Thursday 9 March 2023 - Monocle Minute | Monocle

Thursday. 9/3/2023

The Monocle Minute

Image: Reuters

Opinion / Alexis Self

Known unknowns

The Nord Stream sabotage is a case with enough mystery to launch a thousand podcasts. An underwater attack off the coast of Denmark on a key component of Europe’s energy infrastructure during the continent’s largest land war in 70 years would be sensational in itself. But when you add into the mix the myriad potential perpetrators – Russia, the US, Ukraine – all with different motives, it’s not surprising that the world’s media is feverishly reporting every new theory, however lacking in veracity.

On Tuesday, The New York Times alleged that US officials possess fresh (though vaguely attributed) intelligence suggesting that pro-Ukrainian actors were behind the sabotage. Die Zeit has also published new findings suggesting a Ukrainian link. Both accounts refute Pulitzer Prize-winning investigative journalist Seymour Hersh’s claim last month that a team of elite US military divers placed C4 explosives on the pipelines during a Nato naval exercise to prevent Russia from weaponising European gas supplies. Annoyingly, for amateur sleuths, the same motive could be ascribed to nearly all of the main suspects.

In this conspiracy-obsessed era, journalists should look to the facts first, then the most rational explanations for events. Russia is the most likely culprit: not only did it have the most to gain from the sabotage by destabilising Nato and driving up prices of natural gas, but it is also one of the only actors that would realistically have carried out such a risky attack. While the Swedish and Danish investigators who probably hold the only conclusive evidence remain tight-lipped, exactly what happened at the bottom of the Baltic last September will in all probability remain a mystery. This is frustrating. In the information age, even a little secrecy can create serious ripples.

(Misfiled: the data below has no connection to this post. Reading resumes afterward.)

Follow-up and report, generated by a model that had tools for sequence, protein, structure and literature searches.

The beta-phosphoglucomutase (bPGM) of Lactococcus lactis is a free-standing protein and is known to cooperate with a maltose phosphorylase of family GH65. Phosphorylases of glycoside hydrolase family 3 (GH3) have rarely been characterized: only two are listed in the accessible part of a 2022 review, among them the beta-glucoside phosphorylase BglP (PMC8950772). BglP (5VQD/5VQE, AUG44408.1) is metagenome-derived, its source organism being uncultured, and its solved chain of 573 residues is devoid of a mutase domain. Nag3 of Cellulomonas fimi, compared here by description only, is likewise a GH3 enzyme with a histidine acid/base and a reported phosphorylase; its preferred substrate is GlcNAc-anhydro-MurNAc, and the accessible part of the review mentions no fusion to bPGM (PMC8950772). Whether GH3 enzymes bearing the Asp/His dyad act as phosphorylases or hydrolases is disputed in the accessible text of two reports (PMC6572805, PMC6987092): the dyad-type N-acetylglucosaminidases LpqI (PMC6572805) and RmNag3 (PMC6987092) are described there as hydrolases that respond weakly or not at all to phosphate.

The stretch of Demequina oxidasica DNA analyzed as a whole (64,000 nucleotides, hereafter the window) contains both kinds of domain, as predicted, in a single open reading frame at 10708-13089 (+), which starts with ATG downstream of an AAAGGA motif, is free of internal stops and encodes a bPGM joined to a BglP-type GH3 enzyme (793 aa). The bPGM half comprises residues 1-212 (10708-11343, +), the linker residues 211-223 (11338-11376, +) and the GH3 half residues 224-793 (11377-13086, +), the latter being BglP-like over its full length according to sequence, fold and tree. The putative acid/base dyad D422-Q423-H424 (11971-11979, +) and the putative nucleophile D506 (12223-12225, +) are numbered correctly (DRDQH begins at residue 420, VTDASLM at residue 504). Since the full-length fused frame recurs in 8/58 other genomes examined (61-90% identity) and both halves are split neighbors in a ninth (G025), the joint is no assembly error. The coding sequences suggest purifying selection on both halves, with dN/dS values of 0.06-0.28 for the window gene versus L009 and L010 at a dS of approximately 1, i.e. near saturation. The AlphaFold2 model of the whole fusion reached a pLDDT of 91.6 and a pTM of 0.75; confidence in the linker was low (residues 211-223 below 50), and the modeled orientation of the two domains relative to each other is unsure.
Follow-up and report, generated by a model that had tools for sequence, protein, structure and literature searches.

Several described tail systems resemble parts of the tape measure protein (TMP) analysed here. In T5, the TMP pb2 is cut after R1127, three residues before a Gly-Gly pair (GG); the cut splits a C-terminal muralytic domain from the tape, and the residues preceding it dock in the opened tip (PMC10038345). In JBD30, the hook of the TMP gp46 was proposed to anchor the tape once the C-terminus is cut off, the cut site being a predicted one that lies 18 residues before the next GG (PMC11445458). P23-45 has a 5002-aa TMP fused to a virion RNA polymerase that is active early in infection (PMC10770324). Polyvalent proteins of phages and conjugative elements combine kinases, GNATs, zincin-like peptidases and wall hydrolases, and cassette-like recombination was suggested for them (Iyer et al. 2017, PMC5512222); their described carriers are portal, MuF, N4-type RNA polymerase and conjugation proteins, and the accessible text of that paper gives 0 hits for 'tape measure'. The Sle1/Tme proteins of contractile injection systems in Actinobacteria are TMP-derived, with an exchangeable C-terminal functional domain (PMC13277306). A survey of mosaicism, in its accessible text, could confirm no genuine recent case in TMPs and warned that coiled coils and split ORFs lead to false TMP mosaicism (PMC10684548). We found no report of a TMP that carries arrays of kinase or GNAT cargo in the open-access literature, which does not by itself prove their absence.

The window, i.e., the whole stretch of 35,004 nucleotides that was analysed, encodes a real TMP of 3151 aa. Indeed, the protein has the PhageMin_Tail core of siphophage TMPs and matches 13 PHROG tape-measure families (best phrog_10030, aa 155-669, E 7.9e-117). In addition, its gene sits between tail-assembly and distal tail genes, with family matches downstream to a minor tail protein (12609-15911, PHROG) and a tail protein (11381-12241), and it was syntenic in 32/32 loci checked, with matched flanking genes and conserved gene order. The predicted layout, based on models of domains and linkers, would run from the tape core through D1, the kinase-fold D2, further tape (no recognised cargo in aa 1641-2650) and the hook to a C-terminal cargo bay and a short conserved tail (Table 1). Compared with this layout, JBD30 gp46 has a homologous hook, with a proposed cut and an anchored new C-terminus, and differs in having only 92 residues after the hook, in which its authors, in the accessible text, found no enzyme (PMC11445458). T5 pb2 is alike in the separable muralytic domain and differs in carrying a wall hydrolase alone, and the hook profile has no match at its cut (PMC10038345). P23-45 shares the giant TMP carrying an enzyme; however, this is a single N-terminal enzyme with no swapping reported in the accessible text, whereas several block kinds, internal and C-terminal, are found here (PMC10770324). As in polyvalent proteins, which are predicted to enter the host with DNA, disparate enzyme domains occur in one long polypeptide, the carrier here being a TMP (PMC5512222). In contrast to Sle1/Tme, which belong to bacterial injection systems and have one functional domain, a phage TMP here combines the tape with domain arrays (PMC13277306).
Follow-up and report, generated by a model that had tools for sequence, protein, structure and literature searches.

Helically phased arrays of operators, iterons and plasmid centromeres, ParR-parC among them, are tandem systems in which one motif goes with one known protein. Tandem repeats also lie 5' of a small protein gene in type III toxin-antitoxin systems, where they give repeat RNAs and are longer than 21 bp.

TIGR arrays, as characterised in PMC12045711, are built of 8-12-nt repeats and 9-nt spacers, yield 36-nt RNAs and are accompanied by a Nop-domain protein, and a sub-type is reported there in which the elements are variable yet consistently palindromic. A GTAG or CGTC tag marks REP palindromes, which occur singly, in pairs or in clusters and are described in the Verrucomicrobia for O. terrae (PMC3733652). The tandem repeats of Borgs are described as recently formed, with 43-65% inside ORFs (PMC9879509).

Alexis Self is Monocle’s foreign editor. For the latest insights, analysis and ideas, as well as stories that you won’t find elsewhere, subscribe to Monocle magazine today.

Image: Getty Images

Transport / Indonesia

Driving ambition

The demand for electric vehicles (EVs) in Indonesia is expected to accelerate after the government unveiled its first subsidy for motorists who go green. Almost 300,000 scooters and cars will be eligible for the state-funded scheme this year. Officials claim that they want EVs to account for 10 per cent of all car sales in the country by the end of 2024. The driving force behind the new policy, however, seems to be job creation rather than the reduction of carbon emissions. Read the small print and you’ll see that the subsidy will be available only to cars and scooters that meet a minimum “Made in Indonesia” threshold, as part of President Joko “Jokowi” Widodo’s plan to bring foreign manufacturers and higher-skilled employment to the archipelago. It seems to be working: Hyundai began to produce electric cars in the country last year and Jokowi is publicly courting Tesla’s CEO, Elon Musk. Though Thailand leads the pack as the region’s leading auto-manufacturing hub, a Tesla factory would supercharge Indonesia’s efforts to catch up.

Image: Reuters

Geopolitics / Europe

Raising the drawbridge

The UK’s home secretary, Suella Braverman (pictured), is under fire for proposing draconian new measures to stem the tide of illegal migration. At the heart of the proposal, which many argue will violate existing human rights laws, is the threat of swift deportation for people who land on British shores having crossed the English Channel and the stripping of their right to seek asylum in the UK.